In my last installment of this particular topic, I discussed the types of insurance that cover massage. Now, I'd like to explain some of the reasons I do not accept insurance at Warrior Massage:
Billing insurance isn't as simple as just sending off a bill. There are benefit verifications, pre-authorization requests, claim forms... and that's just the beginning. Every insurer the provider contracts with has different rules, different points of contact, and different processes to follow. The more forms of insurance a provider accepts, the more difficult it becomes to manage them all. With so many moving parts, billing insurance is rarely a simple affair. It demands more of the therapist's time, which means we have to charge more to make it worthwhile.
2) Client Accountability
I strive to make myself and my business accountable to the people that matter: my clients. Their well-being is, after all, the mission. I feel the relationship between the client and the provider needs to be the entire focus of a business. At Warrior Massage, my clients pay for my services and support my business. I am invested in and accountable only to the client. In an insurance-based practice, the client is not the one paying for the services, which shifts the focus away from the client and onto the insurer. Instead of thinking "what can I do to make this client's visit as awesome as possible so they'll keep coming back?" the provider is thinking "what can I do to make sure the insurance company keeps paying for this claim?"
While the insurance company creates rules to ensure medical necessity, improve client outcomes, and prevent fraud, these rules can get in the way of what a client actually wants or needs. This can be as simple as the inconvenience of delaying treatment while waiting to find out if it will be paid for. It can also mean modifying one's treatment to suit an insurer's protocol for how a patient should be treated.
3) Loss of Flexibility & Control
With every insurer comes a contract of some kind which proscribes the manner in which a provider can manage patient interaction. For instance, some contracts may prevent a provider from charging missed appointment fees; others require that the provider give their members a favored rate, effectively eliminating the provider's ability to provide discounts and special offers to their other clients.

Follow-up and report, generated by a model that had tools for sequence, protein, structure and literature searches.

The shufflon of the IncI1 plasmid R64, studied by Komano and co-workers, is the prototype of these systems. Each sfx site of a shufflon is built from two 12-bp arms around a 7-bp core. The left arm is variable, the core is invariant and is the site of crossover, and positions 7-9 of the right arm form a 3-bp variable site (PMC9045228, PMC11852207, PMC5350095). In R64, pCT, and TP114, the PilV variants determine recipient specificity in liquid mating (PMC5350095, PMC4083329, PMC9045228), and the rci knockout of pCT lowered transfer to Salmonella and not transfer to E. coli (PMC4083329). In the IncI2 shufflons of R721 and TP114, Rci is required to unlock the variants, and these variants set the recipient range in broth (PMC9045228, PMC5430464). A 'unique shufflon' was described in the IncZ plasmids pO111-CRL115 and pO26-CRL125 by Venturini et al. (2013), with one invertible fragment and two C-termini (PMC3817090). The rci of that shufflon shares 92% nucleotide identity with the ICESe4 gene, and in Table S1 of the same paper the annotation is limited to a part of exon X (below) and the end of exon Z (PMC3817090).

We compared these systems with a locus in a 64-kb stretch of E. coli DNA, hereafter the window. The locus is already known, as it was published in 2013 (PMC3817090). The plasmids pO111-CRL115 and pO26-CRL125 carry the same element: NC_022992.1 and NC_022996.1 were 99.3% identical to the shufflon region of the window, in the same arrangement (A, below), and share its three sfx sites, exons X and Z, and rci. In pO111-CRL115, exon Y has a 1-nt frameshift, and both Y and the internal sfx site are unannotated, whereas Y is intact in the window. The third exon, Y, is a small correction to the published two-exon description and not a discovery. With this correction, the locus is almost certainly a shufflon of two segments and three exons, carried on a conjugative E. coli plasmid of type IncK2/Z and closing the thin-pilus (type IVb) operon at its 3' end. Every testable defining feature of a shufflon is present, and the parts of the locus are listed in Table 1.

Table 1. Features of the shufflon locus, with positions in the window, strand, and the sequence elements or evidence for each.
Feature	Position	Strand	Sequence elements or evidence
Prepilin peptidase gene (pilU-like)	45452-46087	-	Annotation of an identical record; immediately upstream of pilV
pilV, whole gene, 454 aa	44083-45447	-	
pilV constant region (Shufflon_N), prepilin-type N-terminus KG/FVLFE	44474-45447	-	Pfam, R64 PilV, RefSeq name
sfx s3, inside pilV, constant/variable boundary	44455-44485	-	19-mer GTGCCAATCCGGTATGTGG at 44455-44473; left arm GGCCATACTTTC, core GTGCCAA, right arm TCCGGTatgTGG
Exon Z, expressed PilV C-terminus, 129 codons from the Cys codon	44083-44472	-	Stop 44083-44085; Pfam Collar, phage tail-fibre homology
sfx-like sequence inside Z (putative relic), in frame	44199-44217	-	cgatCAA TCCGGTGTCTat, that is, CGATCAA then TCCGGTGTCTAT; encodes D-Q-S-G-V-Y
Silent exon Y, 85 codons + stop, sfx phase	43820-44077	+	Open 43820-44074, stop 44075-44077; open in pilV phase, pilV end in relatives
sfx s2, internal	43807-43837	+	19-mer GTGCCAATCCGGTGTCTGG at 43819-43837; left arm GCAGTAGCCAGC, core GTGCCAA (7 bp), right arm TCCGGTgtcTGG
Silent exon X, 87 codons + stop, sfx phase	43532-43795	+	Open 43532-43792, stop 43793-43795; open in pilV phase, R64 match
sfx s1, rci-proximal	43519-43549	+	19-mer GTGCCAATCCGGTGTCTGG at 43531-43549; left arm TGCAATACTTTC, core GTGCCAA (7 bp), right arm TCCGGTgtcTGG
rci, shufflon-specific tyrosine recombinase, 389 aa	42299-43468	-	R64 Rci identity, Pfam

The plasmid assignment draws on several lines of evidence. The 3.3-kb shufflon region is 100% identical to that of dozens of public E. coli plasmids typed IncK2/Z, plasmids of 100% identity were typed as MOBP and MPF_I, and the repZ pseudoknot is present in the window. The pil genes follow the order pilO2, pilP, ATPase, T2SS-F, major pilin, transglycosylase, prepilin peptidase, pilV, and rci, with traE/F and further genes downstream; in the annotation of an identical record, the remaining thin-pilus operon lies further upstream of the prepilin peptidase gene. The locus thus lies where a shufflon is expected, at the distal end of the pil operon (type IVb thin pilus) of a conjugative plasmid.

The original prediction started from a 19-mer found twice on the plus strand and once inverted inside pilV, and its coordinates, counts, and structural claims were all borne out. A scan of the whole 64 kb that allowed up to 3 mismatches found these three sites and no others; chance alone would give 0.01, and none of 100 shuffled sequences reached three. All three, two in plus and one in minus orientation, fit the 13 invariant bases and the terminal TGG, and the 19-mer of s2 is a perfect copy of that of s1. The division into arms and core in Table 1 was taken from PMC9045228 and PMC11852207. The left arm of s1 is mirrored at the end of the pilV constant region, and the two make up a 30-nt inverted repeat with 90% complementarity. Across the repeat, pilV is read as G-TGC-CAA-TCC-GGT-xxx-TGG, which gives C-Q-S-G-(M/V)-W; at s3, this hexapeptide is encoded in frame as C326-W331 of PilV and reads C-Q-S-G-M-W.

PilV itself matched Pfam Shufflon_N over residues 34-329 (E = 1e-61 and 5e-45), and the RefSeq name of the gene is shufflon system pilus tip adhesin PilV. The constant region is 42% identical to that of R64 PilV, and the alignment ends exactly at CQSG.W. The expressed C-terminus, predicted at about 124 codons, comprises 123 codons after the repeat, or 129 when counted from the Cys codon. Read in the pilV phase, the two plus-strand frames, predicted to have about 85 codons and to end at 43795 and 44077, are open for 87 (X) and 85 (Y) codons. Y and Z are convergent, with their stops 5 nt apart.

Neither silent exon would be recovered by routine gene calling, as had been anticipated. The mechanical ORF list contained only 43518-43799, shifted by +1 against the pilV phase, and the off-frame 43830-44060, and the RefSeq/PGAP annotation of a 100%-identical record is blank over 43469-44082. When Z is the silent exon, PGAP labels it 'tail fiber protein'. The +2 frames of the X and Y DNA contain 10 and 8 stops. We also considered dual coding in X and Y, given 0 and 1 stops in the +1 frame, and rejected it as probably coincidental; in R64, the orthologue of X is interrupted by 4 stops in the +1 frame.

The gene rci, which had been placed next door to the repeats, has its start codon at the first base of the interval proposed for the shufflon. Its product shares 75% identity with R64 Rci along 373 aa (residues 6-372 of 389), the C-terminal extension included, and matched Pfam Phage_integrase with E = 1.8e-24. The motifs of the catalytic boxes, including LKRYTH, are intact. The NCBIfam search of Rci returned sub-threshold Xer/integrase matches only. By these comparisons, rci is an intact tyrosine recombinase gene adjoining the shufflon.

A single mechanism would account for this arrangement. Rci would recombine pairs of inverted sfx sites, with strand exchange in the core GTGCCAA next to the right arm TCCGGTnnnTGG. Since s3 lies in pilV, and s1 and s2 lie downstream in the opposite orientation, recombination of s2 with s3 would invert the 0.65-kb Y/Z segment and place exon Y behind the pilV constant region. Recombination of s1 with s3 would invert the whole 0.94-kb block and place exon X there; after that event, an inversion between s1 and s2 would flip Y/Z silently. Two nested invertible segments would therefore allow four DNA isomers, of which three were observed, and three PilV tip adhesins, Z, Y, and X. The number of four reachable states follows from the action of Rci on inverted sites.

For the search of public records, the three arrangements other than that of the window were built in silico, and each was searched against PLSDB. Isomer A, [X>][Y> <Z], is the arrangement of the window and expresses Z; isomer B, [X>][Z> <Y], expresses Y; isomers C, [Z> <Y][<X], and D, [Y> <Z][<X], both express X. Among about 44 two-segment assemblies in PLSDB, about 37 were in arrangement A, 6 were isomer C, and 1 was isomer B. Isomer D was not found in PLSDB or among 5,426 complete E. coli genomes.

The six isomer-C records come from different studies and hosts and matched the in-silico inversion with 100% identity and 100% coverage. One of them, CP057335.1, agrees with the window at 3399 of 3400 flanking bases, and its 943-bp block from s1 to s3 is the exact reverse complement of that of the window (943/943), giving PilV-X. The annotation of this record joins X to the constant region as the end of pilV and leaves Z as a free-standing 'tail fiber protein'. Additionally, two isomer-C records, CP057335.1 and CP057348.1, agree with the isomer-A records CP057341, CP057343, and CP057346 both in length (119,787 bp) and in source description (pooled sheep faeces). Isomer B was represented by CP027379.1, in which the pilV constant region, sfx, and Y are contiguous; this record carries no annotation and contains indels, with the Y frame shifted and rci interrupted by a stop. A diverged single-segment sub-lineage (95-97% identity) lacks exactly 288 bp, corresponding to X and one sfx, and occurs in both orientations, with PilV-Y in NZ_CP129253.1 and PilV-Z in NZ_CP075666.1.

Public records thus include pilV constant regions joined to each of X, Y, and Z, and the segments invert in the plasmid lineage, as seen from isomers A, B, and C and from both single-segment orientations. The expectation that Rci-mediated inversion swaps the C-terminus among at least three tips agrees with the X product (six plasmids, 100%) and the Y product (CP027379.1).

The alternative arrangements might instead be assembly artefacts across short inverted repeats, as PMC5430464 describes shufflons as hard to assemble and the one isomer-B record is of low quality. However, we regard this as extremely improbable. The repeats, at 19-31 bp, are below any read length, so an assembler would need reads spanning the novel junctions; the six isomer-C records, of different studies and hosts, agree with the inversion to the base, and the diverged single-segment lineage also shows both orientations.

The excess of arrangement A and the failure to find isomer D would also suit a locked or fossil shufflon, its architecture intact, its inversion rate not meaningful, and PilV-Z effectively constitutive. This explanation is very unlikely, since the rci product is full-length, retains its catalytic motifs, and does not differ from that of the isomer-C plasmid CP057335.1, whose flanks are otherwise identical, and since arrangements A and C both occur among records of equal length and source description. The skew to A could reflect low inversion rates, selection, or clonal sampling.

In most provider-insurer relationships, the insurer holds all the cards. An insurer often doesn't pay for up to 90 days (there is a lot of processing on their end), with no penalty, and can deny payment for a number of reasons. Providers sometimes find out a claim is being denied only after they have been treating the patient for some time. And with the high number of claims being processed, not every one is fully vetted before it is approved. Claims can be audited years after payment is made, and a provider can then be told to return the money if the insurer decides to retroactively deny the claim.
4) Legal & Ethical Issues
Besides the specific contracts that come with each insurer, there is a whole minefield of legal and ethical pitfalls that a provider billing insurance must navigate. Simple things that are common practice in everyday business become unethical or even illegal when a third party (insurer) is paying the bill. A keen example is referral rewards: it is a common, accepted, and even lauded practice to give some kind of reward as an incentive to those who refer new patients. However, when those patients are insurance claimants, it is called a "kickback" and it is illegal.
While the above does not include every reason not to accept payment by insurance (I could go on, but who really wants that?), it should shed light on why I (and other providers) might "turn down money."
I also hope that it does not come off as condemnation of insurance entirely. As a therapist I have worked (and continue to work) as an insurance provider, but not at Warrior Massage. It can be a great thing, allowing patients who may not otherwise be able to afford the cost get treatment that can vastly improve their health and quality of life. Most clinics and insurance providers hire professionals with specialized training whose job it is to navigate the process of insurance billing, making it a much more viable business choice. If Warrior Massage ever grows enough to make such a thing a possibility, insurance may be integrated into the practice. But until then, keeping the practice "cash only" keeps business simple, honest, and affordable.
This area of the blog is for discussion on topics specific to massage, wellness, and the massage industry. If there is a topic you'd like to see discussed here, please ask!